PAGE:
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Annals of Hematology

, Volume 97, Issue 4, pp 605–616 | Cite as

Phosphatidylserine-exposing blood and endothelial cells contribute to the hypercoagulable state in essential thrombocythemia patients

  • Dongxia Tong
  • Muxin Yu
  • Li Guo
  • Tao Li
  • Jihe Li
  • Valerie A. Novakovic
  • Zengxiang Dong
  • Ye Tian
  • Junjie Kou
  • Yayan Bi
  • Jinghua Wang
  • Jin ZhouEmail author
  • Jialan ShiEmail author
Original Article

Abstract

The mechanisms of thrombogenicity in essential thrombocythemia (ET) are complex and not well defined. Our objective was to explore whether phosphatidylserine (PS) exposure on blood cells and endothelial cells (ECs) can account for the increased thrombosis and distinct thrombotic risks among mutational subtypes in ET. Using flow cytometry and confocal microscopy, we found that the levels of PS-exposing erythrocytes, platelets, leukocytes, and serum-cultured ECs were significantly higher in each ET group [JAK2, CALR, and triple-negative (TN) (all P < 0.001)] than those in controls. Among ET patients, those with JAK2 mutations showed higher levels of PS-positive erythrocytes, platelets, neutrophils, and serum-cultured ECs than TN patients or those with CALR mutations, which show similar levels. Coagulation function assays showed that higher levels of PS-positive blood cells and serum-cultured ECs led to markedly shortened coagulation time and dramatically increased levels of FXa, thrombin, and fibrin production. This procoagulant activity could be largely blocked by addition of lactadherin (approx. 70% inhibition). Confocal microscopy showed that the FVa/FXa complex and fibrin fibrils colocalized with PS on ET serum-cultured ECs. Additionally, we found a relationship between D-dimer, prothrombin fragment F1 + 2, and PS exposure. Our study reveals a previously unrecognized link between hypercoagulability and exposed PS on cells, which might also be associated with distinct thrombotic risks among mutational subtypes in ET. Thus, blocking PS-binding sites may represent a new therapeutic target for preventing thrombosis in ET.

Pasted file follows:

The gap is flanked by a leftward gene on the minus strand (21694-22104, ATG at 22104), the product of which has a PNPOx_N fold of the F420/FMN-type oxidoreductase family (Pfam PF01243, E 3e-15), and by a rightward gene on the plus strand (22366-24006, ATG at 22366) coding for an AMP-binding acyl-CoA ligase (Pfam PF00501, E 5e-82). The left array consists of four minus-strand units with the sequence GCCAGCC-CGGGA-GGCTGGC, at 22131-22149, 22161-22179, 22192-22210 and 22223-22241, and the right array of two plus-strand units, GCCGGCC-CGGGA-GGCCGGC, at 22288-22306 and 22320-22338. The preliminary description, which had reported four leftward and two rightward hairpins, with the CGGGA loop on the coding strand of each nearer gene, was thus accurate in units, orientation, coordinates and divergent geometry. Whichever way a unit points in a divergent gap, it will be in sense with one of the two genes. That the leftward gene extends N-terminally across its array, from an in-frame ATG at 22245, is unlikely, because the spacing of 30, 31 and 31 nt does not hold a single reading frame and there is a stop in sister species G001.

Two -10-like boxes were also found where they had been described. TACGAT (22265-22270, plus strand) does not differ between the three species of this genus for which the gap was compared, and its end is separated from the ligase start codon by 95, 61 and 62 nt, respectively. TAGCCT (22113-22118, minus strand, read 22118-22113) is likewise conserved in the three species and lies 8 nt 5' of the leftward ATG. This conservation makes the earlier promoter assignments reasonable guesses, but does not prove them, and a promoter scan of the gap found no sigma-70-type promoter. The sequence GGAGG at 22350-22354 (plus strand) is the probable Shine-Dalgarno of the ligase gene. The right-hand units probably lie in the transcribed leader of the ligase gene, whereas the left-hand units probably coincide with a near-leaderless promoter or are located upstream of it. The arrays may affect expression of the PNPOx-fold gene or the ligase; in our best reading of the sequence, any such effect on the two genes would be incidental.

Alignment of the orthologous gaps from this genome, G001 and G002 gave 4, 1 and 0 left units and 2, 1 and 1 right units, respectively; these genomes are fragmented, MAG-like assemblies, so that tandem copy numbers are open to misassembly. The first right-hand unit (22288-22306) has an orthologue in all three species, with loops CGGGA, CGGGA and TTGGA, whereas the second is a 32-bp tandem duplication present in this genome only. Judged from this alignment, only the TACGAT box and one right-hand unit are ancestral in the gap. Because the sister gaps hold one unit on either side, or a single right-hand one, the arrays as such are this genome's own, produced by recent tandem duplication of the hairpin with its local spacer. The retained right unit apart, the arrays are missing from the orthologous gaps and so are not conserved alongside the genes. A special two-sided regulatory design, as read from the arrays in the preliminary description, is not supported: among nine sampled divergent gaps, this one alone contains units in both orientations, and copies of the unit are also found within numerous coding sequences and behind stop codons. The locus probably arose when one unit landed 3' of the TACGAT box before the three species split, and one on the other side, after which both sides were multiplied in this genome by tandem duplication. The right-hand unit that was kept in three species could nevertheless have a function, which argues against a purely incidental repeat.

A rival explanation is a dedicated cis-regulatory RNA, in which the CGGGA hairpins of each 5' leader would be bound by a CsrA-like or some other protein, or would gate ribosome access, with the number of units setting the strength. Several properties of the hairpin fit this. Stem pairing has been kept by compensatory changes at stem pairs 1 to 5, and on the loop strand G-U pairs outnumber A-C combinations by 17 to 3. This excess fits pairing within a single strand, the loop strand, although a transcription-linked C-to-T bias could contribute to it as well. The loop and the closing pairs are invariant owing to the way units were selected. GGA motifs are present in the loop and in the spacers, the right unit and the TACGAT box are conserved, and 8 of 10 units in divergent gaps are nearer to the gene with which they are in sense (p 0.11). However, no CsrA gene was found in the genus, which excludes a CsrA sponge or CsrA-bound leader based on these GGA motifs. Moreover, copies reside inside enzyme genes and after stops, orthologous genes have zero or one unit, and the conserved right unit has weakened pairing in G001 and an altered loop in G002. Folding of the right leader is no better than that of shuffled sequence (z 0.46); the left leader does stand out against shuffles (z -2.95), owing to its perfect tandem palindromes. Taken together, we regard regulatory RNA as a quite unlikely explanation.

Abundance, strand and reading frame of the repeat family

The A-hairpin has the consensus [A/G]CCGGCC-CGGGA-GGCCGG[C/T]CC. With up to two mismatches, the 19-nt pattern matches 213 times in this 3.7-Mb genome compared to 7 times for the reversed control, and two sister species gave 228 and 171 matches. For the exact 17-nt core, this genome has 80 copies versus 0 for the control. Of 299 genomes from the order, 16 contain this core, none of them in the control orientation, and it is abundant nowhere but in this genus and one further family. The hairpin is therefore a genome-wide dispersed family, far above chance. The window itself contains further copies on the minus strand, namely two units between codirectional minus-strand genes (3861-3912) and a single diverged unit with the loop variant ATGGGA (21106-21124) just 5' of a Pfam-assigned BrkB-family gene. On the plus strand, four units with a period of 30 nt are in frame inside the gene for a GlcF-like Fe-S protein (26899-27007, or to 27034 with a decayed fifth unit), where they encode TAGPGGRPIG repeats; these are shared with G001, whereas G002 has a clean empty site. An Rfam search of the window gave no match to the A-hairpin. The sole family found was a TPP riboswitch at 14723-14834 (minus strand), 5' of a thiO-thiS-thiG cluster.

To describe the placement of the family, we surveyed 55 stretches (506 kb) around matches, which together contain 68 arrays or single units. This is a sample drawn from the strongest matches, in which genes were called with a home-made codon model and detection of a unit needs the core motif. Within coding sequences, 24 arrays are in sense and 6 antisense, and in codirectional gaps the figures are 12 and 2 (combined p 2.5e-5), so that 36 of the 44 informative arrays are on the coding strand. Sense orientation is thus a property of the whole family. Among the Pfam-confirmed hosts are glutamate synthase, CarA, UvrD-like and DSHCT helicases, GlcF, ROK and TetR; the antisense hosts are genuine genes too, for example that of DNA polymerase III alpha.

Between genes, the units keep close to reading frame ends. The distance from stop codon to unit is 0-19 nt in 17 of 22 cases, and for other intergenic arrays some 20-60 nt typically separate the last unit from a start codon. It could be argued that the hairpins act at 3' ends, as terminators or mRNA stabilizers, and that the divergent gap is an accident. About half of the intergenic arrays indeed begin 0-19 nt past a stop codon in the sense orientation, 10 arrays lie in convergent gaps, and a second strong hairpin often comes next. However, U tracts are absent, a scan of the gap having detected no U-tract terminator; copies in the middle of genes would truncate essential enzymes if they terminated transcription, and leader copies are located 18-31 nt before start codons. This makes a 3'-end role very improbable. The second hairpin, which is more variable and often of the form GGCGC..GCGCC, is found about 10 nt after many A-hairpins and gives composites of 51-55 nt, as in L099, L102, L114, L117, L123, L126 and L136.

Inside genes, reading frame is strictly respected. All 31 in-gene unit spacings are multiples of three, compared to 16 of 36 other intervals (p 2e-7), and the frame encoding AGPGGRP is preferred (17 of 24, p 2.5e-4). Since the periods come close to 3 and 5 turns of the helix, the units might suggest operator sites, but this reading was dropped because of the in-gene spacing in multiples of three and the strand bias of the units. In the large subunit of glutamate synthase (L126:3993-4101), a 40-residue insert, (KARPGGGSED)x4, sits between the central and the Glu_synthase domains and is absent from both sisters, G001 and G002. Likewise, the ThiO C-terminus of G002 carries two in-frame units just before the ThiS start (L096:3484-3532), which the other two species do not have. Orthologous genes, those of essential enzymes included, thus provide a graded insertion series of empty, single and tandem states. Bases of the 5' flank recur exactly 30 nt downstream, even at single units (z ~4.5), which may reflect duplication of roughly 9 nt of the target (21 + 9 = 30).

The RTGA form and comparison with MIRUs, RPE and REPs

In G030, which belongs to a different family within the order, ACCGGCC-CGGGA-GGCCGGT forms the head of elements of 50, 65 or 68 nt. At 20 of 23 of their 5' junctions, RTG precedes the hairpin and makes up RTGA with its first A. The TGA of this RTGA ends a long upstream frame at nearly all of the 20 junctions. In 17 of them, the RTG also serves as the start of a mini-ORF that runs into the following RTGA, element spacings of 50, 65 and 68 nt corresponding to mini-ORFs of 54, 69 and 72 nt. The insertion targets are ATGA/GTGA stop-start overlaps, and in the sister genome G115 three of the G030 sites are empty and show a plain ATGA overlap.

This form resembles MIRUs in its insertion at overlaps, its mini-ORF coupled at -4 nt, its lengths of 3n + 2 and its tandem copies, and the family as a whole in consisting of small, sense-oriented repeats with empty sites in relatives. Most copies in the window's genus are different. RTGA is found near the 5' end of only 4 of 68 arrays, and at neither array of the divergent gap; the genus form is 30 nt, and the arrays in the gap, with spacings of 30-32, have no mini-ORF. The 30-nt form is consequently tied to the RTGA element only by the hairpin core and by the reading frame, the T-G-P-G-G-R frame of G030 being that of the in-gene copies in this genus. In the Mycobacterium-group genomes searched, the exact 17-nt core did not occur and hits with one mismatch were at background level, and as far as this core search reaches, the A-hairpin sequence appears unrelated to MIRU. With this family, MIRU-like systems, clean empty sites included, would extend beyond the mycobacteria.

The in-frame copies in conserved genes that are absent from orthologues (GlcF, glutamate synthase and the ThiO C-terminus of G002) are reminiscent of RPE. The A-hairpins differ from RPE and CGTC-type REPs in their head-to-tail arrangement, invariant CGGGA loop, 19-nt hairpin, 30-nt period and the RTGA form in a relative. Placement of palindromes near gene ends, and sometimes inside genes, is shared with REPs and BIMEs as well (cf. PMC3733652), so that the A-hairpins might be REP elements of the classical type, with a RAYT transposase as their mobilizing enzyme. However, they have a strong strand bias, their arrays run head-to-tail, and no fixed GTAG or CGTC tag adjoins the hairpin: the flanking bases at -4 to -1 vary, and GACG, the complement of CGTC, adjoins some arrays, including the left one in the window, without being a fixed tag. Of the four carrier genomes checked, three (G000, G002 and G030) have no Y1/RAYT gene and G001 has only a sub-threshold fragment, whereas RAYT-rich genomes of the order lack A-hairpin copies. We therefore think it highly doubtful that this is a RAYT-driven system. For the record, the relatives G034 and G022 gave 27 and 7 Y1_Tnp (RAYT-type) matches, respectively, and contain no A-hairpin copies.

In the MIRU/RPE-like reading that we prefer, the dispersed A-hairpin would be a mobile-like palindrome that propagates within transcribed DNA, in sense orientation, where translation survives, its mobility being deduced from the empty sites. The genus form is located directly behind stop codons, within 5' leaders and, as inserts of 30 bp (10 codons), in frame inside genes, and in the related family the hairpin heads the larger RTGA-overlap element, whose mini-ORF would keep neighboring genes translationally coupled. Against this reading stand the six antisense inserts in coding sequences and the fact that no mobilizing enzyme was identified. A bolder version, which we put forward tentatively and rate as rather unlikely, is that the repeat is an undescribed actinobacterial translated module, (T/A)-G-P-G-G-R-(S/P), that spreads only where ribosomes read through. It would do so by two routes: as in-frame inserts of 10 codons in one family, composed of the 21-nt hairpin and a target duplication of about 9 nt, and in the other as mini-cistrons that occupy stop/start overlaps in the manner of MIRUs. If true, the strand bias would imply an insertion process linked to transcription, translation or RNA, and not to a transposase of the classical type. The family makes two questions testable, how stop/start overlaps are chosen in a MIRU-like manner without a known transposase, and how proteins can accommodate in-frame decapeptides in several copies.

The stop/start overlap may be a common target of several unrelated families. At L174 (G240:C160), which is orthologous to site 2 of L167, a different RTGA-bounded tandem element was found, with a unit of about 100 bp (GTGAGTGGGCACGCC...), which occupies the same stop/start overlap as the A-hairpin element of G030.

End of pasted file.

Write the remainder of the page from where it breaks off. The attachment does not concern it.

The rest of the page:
Keywords

Essential thrombocythemia Mutational subtypes Thrombosis Phosphatidylserine Cells 

Notes

Acknowledgements

We thank Yanming Xue for the sample collection and Lu Zhao for the excellent technical assistance.

Funding information

This work was supported by grants from the National Science Foundation of China (81470301, 81670128).

Compliance with ethical standards

This study was approved by the Ethics Committee of Harbin Medical University according to the Helsinki Declaration and informed consent was obtained from all individual participants included in the study.

Conflict of interest

The authors declare that they have no conflict of interest.

Supplementary material

277_2018_3228_MOESM1_ESM.doc (62 kb)
ESM 1 (DOC 61 kb)

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Copyright information

© Springer-Verlag GmbH Germany, part of Springer Nature 2018

Authors and Affiliations

  1. 1.Department of Hematology, First HospitalHarbin Medical UniversityHarbinChina
  2. 2.Department of Cardiology, First HospitalHarbin Medical UniversityHarbinChina
  3. 3.Department of Research, VA Boston Healthcare System, Brigham and Women’s HospitalHarvard Medical SchoolBostonUSA
  4. 4.Department of Cardiology, Second HospitalHarbin Medical UniversityHarbinChina
  5. 5.Department of Hematology, Second HospitalHarbin Medical UniversityHarbinChina
  6. 6.Department of Surgery, VA Boston Healthcare System, Brigham and Women’s HospitalHarvard Medical SchoolBostonUSA

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